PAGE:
Where does the sidewalk end? Usually, much too soon. - Metropolitan Planning Council

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Where does the sidewalk end? Usually, much too soon.

From pandemic lunchtime strolls to racial justice protests, the extremes of 2020 were all connected by something quite literally underfoot: pedestrian infrastructure. The humble sidewalk is the great enabler, and it's greatly undervalued. On May 11th, MPC hosted a virtual conversation with three regional leaders to discuss how to build a more walkable region.

A sidewalk abruptly ends in a residential neighborhood.

Image courtesy of @mvjacobsen99 on Twitter

Sidewalks don't have to literally end to make a pedestrian trip unsafe. But sometimes they do, as shown in this submission from Victoria Barrett Jacobsen for the #Chicagosidewalkends social media campaign.

For many of us, 2020 was a year of reorientation. The stay-at-home order meant extra time on our neighborhood streets and sidewalksAs we slowly reopened, street space was repurposed for commerce, dining and recreation. At the same time, we closely watched or participated in the fight for Black lives as people filled the streets to peacefully demonstrate. And while these things have focused our gaze on our communities, we also watched in horror as fire, heat, and flooding ravaged the country and planet like never before. 

As the pandemic lifts, we have an opportunity to step back and connect the dots from the last 14 months. The overlapping tragedies of 2020 traveled along the well-worn paths of structural racism and white supremacy, but they also revealed other patterns. What do climate change, COVID-19, and racial justice all have in common? Unless you’re a transportation nerd like me, transportation probably isn’t the first thing that comes to mind. But issues of access and mobility are central to understanding the last year. And if you’re talking transportation, we believe you need to start with that most basic building block of the entire system: the pedestrian.  

To highlight the pedestrian conditions people in this region experience, we launched a social media campaign focused on walkability. Whether it was getting stranded by a sidewalk that ended too soon, emphasizing the importance of compact development, or lifting up community voices, the #ChicagoSidewalkEnds campaign brought together our partners to share stories that centered on the plight of the pedestrian. And to bring it all home, we had a virtual conversation on May 11th with some of the region’s leading experts and advocates on how we can build a more walkable region.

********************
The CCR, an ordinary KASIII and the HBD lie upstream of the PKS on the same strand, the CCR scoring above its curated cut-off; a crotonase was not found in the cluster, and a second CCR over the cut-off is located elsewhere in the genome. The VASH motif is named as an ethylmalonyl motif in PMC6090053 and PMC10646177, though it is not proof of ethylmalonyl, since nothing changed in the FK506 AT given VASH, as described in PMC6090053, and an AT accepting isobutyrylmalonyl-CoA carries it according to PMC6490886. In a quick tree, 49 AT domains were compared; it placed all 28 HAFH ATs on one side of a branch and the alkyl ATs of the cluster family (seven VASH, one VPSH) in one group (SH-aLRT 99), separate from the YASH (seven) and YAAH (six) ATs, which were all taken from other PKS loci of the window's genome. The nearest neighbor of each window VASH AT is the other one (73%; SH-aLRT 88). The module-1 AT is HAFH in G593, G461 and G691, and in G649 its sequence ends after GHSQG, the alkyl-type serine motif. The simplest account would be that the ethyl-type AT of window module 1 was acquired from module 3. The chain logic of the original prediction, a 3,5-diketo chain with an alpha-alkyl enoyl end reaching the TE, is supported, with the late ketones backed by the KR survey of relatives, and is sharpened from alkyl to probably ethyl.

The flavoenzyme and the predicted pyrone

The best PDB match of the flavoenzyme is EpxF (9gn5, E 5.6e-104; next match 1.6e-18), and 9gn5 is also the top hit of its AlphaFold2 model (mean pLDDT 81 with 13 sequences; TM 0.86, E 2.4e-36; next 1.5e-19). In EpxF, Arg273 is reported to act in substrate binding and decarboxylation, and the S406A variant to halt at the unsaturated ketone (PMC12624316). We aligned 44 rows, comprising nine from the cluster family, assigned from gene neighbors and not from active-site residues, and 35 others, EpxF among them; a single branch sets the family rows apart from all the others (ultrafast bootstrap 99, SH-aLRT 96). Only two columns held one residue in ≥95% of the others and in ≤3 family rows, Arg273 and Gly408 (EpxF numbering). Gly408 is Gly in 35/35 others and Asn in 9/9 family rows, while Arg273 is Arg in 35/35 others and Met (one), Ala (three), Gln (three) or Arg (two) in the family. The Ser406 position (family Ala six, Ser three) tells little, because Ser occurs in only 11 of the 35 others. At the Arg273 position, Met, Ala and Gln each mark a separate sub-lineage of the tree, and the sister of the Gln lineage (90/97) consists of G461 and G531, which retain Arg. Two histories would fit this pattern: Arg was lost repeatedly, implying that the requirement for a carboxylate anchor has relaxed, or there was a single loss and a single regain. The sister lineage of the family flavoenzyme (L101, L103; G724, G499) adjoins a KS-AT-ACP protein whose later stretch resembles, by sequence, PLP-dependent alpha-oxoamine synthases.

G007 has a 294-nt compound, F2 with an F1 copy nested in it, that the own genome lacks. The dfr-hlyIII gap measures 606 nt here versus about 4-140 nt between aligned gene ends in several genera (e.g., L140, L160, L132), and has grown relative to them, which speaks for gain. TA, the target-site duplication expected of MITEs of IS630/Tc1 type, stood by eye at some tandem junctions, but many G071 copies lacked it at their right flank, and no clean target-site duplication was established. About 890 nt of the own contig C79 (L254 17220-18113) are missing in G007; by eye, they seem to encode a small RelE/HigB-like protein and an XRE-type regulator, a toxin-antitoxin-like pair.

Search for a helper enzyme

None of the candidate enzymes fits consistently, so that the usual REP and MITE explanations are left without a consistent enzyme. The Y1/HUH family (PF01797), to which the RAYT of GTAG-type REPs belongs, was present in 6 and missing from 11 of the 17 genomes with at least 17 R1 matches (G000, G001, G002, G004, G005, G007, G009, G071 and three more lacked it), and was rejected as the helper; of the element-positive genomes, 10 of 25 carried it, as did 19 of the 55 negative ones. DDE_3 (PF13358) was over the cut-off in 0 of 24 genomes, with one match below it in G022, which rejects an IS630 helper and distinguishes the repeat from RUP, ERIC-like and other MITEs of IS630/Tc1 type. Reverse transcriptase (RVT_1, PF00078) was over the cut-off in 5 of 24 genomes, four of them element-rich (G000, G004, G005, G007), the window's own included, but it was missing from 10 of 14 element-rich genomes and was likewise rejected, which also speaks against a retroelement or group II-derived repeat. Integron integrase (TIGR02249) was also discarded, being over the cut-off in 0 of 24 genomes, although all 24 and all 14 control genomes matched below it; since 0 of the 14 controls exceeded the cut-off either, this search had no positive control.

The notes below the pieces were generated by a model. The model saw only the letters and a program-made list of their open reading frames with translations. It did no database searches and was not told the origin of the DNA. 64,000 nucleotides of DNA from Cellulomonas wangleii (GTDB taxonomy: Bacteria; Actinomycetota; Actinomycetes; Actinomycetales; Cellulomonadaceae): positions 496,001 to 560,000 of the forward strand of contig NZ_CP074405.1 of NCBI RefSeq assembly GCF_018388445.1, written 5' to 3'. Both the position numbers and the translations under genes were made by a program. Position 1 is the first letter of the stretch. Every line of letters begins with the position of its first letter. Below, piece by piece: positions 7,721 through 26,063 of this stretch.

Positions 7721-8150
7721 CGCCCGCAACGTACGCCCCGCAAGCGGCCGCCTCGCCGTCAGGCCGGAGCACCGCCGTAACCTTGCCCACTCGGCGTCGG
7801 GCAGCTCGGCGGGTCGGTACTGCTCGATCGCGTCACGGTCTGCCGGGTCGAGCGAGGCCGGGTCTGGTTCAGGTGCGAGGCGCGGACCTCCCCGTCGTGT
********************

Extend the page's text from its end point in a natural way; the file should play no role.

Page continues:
Click here to watch the full conversation.

We don’t have a walkable Chicago region yet 

To set the stage, we shared some analysis that shows that we’ve got our work cut out for us. The region’s sidewalk network is uneven, and many municipalities have sidewalks on less than half their streets. When you exclude Chicago, only 44% of the region’s streets have sidewalks on both sides. If you count streets with sidewalks on only one side, the region’s entire network is only about 60% complete.

One third of all auto trips in the region are less than two miles. How can we shift more of these to walking or rolling?

What would you do if 40% of the roads disappeared tomorrow? Would you be able to drive where you needed to go? Probably not. It’s no surprise, then, that only 12% of trips in the seven-county region are done on foot. The vast majority of those are in Cook County, where still less than 1 in 5 trips are walking trips. These low numbers mean we have a lot of room for improvement. According to an MPC analysis of CMAP data, the region’s average walking trip is 0.71 miles. Nearly 10% of the region’s car trips are that

So how do we build a more walkable region? The answer is complex. 

Transportation is connected to everything  

Victoria Barrett Jacobsen is a planner at the Chicago Metropolitan Agency for Planning (CMAP). Working at a regional agency, she brought a regional and expansive view on walkability. Transportation is so highly correlated with everything else that you can’t just focus on one issue in isolation. That’s why CMAP’s work is guided by three cross-cutting principles: inclusive growth, economic and environmental resilience, and prioritized investment. That last piece sounds wonky, but it’s incredibly important.

“The more we make connections, the stronger we can take action to improve things.” 

- Victoria Barrett Jacobsen